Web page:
36 Min.

Crypto's carbon costs: Eurasia feels the heat The Eurasian Climate Brief

    • Geowissenschaften

On 25 January, Kazakhstan, Kyrgyzstan and Uzbekistan suffered from a mysterious series of electricity power outages, plunging the region into chaos. For several hours, skiers lay perched on lifts and planes grounded while traffic lights, heating district and tap water pumps ran idle. 
The incident comes after Kazakhstan, the world’s second largest bitcoin producer, faced a similar outage in November 2021. The culprit according to the government? Unregistered cryptocurrency miners.
While the exact cause of the 25 January power shortage has yet to be pinpointed, it is now established crypto-mining is piling pressure on the countries’ creaking soviet energy infrastructure.
Join us as we discuss the carbon footprint of crypto in Central Asia and the rest of Eurasia. Our reporter Stephen Bland talks to residents and experts about the industry’s impact on Kazakhstan, while Boris Schneider asks economist and campaigner Alex de Vries whether there can ever be such a thing as green crypto-mining.
We’ll also be bringing you the latest climate headlines from our region at the end of the episode.
This episode is made by:
•Natalie Sauer, a French British environmental journalist and MA student in Russian and Post-Soviet Politics at the School of Eastern European and Slavonic Studies, University College London. A former reporter for Climate Home News, her words have also appeared in international media such as Le Monde Diplomatique, Politico Europe, Open Democracy, Euractiv and the Heinrich Böll Foundation.
•Boris Schneider, a climate and environment lead at n-ost, a Berlin-based network for cross-border reporting. Boris heads initiatives to boost climate journalism in Central Asia, the Caucasus and Eastern Europe. 
•Angelina Davydova, an environmental journalist from Russia. Angelina has been writing about climate change in the region for Russian and international media and attending UN climate summits since 2008. She also teaches environmental journalism and environmental and climate policy and communication in a number of universities and regularly organises training for journalists from Eastern Europe, Central Asia and Caucasus on environmental and climate reporting.
•Stephen M. Bland is a freelance journalist, award-winning author, researcher and editor specialising in post-Soviet territories. His book on Central Asia, “Does it Yurt?”, was released in 2016, and he is currently putting the finishing touches to a book about the Caucasus.
•Production by the www.thepodcastcoach.co.uk

On 25 January, Kazakhstan, Kyrgyzstan and Uzbekistan suffered from a mysterious series of electricity power outages, plunging the region into chaos. For several hours, skiers lay perched on lifts and planes grounded while traffic lights, heating district and tap water pumps ran idle.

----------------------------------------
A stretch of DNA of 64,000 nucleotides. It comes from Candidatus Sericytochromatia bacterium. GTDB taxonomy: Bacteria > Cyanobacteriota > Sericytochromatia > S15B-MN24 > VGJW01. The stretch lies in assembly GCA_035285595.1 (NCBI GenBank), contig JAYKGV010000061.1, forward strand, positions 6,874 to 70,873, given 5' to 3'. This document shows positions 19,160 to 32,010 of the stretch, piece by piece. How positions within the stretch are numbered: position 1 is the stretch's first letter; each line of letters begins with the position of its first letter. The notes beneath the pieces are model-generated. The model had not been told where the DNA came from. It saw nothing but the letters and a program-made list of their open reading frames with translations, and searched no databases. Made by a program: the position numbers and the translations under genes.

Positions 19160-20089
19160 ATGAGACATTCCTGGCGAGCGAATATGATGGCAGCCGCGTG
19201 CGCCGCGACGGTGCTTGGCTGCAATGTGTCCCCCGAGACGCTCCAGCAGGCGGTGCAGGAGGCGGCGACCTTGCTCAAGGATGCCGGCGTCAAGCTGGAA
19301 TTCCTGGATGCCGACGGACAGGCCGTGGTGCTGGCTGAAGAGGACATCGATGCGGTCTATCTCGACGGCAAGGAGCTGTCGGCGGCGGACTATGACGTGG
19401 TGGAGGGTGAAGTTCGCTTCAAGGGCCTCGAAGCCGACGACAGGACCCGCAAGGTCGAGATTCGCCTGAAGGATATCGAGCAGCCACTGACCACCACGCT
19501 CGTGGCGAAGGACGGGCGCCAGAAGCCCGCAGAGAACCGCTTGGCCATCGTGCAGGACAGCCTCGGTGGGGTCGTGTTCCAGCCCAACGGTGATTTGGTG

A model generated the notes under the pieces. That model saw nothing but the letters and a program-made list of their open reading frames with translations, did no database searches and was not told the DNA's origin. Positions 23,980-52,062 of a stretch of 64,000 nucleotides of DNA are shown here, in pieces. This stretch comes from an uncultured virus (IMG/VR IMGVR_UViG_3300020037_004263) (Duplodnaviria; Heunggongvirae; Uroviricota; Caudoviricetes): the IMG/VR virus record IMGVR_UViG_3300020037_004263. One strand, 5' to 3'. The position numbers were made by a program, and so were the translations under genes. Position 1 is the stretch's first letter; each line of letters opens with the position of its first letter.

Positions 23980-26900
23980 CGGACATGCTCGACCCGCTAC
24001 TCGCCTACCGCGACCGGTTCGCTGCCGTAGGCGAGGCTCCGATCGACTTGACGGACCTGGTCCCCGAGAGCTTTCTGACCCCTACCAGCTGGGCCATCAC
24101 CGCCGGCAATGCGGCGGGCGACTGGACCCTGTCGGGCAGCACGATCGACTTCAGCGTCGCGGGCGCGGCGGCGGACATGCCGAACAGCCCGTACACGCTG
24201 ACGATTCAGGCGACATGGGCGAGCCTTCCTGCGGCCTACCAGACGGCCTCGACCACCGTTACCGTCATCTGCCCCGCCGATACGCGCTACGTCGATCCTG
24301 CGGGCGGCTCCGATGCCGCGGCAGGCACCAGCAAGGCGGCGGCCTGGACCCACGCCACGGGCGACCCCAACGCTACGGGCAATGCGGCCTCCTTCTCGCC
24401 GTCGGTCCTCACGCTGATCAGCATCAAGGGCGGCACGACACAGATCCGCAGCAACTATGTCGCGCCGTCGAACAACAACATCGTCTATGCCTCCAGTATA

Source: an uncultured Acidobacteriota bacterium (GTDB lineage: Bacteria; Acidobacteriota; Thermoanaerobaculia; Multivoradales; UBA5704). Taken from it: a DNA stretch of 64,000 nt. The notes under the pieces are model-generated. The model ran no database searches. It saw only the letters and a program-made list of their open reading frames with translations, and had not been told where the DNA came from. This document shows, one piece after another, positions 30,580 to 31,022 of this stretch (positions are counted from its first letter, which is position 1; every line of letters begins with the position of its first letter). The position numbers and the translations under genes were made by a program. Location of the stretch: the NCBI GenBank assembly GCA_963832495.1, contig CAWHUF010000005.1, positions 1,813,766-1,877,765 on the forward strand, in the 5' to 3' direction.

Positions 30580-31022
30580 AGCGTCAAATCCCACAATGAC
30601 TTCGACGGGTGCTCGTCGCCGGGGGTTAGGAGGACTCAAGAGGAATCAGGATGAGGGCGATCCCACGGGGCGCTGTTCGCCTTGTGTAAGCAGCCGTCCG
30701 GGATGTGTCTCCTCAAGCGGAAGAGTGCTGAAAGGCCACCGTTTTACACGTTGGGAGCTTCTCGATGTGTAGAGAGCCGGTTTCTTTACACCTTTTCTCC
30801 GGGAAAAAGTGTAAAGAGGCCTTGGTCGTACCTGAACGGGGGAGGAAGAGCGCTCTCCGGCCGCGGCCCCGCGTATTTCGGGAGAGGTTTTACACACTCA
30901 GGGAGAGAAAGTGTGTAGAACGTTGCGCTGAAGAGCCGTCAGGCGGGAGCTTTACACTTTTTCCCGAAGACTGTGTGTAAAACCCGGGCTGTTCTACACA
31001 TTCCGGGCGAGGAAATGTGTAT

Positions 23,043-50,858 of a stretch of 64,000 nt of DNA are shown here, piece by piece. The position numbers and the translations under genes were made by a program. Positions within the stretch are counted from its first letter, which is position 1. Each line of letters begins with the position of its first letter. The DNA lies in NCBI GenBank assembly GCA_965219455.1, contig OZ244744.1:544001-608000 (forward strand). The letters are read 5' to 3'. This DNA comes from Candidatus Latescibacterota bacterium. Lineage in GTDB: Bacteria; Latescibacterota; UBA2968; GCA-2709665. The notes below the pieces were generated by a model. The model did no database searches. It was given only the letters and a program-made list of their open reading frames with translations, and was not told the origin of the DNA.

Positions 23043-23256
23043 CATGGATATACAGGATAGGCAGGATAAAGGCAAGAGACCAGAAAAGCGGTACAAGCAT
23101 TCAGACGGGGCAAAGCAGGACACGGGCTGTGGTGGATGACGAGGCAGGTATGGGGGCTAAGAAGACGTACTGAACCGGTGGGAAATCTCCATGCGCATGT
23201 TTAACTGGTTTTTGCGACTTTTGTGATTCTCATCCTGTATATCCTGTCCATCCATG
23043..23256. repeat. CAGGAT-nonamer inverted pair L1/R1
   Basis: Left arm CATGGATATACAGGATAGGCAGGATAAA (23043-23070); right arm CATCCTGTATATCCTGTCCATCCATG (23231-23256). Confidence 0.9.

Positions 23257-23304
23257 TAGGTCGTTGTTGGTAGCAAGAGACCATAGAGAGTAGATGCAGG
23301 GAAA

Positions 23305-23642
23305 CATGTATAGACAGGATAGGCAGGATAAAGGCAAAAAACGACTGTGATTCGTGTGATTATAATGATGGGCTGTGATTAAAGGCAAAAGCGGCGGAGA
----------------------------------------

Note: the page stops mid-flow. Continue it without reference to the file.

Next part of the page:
The incident comes after Kazakhstan, the world’s second largest bitcoin producer, faced a similar outage in November 2021. The culprit according to the government? Unregistered cryptocurrency miners.
While the exact cause of the 25 January power shortage has yet to be pinpointed, it is now established crypto-mining is piling pressure on the countries’ creaking soviet energy infrastructure.
Join us as we discuss the carbon footprint of crypto in Central Asia and the rest of Eurasia. Our reporter Stephen Bland talks to residents and experts about the industry’s impact on Kazakhstan, while Boris Schneider asks economist and campaigner Alex de Vries whether there can ever be such a thing as green crypto-mining.
We’ll also be bringing you the latest climate headlines from our region at the end of the episode.
This episode is made by:
•Natalie Sauer, a French British environmental journalist and MA student in Russian and Post-Soviet Politics at the School of Eastern European and Slavonic Studies, University College London. A former reporter for Climate Home News, her words have also appeared in international media such as Le Monde Diplomatique, Politico Europe, Open Democracy, Euractiv and the Heinrich Böll Foundation.
•Boris Schneider, a climate and environment lead at n-ost, a Berlin-based network for cross-border reporting. Boris heads initiatives to boost climate journalism in Central Asia, the Caucasus and Eastern Europe. 
•Angelina Davydova, an environmental journalist from Russia. Angelina has been writing about climate change in the region for Russian and international media and attending UN climate summits since 2008. She also teaches environmental journalism and environmental and climate policy and communication in a number of universities and regularly organises training for journalists from Eastern Europe, Central Asia and Caucasus on environmental and climate reporting.
•Stephen M. Bland is a freelance journalist, award-winning author, researcher and editor specialising in post-Soviet territories. His book on Central Asia, “Does it Yurt?”, was released in 2016, and he is currently putting the finishing touches to a book about the Caucasus.
•Production by the www.thepodcastcoach.co.uk

36 Min.